Speaking to a country reeling from terrorism and internal displacement, Cardinal Philippe Ouédraogo of Ouagadougou in Burkina Faso, is calling for bringing down walls of hatred and building bridges of love.
All five of the new countries that the United States Commission on International Religious Freedom (USCIRF) has recommended that the State Department designate as Countries of Particular Concern (CPCs) have experienced Christian persecution in the past year.
In the U.S.-China rivalry that involves a complex mix of diplomacy, trade wars and sanctions, religion has come under increased pressure after the communist regime banned online propagation of religion by foreign nationals, purportedly to make religion more Chinese-oriented.
During the presentation of a report on religious freedom produced by a papal charitable foundation, Asia Bibi, the Pakistani Christian who spent eight years on death row on blasphemy charges, appealed to her country’s government to put an end to this discriminatory law.
In attempting to solve any problem, one might face two very different challenges. The first is when almost no one else even recognizes there is a problem, and, when they’re told, they remain skeptical. The other is when people know there’s a problem, but don’t quite understand its scope and details.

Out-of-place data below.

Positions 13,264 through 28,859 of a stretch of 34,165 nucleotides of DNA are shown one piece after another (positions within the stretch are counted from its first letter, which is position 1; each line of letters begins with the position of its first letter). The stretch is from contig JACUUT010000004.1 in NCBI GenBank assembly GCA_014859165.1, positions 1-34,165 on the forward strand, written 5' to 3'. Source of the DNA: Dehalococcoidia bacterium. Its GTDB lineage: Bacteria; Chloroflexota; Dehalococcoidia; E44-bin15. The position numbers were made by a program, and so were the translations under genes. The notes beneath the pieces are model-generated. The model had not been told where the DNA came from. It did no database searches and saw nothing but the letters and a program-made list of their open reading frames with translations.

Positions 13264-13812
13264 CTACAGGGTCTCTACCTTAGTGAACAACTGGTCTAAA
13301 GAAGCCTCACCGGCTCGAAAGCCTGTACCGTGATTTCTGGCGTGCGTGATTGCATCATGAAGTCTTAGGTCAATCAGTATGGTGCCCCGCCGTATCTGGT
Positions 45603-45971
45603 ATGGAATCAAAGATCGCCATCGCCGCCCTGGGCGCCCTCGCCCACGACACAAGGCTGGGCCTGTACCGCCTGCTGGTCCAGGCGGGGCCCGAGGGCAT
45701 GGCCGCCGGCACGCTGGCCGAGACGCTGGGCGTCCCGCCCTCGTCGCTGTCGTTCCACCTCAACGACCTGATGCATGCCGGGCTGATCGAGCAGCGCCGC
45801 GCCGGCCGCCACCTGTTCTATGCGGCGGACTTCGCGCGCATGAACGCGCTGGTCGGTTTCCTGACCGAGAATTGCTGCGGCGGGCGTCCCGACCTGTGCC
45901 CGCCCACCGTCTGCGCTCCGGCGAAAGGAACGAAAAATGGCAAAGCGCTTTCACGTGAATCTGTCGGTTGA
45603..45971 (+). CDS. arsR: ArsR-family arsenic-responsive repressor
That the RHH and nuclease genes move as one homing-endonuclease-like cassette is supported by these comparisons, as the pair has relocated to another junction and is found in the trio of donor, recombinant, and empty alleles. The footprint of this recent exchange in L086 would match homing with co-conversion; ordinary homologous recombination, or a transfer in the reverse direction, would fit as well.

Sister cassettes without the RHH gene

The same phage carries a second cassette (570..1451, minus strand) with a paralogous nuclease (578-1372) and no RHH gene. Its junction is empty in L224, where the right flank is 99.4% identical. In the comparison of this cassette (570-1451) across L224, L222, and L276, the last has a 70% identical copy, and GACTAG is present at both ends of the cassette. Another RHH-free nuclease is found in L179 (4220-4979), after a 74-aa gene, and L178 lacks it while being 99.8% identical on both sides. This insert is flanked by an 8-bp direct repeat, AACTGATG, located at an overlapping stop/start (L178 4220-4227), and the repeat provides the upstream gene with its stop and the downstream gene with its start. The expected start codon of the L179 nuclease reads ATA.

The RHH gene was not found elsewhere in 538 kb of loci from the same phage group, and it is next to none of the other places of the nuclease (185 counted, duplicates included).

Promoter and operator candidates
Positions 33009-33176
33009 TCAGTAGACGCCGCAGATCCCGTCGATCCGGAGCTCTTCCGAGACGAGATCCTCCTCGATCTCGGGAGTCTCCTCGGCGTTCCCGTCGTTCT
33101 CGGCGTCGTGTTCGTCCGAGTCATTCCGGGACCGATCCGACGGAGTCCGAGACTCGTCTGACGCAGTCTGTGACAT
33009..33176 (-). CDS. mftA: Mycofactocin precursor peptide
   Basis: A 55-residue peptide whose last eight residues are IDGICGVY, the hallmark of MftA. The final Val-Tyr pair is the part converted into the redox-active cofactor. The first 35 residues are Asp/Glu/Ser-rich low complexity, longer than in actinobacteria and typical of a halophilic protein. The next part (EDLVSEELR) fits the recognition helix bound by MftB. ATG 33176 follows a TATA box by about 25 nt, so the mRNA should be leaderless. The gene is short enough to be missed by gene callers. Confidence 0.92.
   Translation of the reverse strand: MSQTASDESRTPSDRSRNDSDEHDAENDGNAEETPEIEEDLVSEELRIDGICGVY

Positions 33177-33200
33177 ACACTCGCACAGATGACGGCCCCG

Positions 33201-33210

Members of the Nigerian Igbo community at St. Fortunata parish in East New York, Brooklyn, cry out against persecutions of Catholics and other Christian denominations in their homeland.
Bishops in the United States and around the world expressed condolences after three people were murdered before Mass Oct. 29 in the basilica in Nice, France.
Pope Francis condemned the “barbaric resurgence” of anti-Semitism and criticized the selfish indifference that is creating the conditions for division, populism and hatred.
Before the United Nations held its annual General Assembly last month, it addressed an urgent issue: attacks on religious sites and violence against religious minorities.
Turkish warplanes have begun attacking northeastern Syria, causing widespread panic among Christian and other religious communities caught up in the aerial bombardments.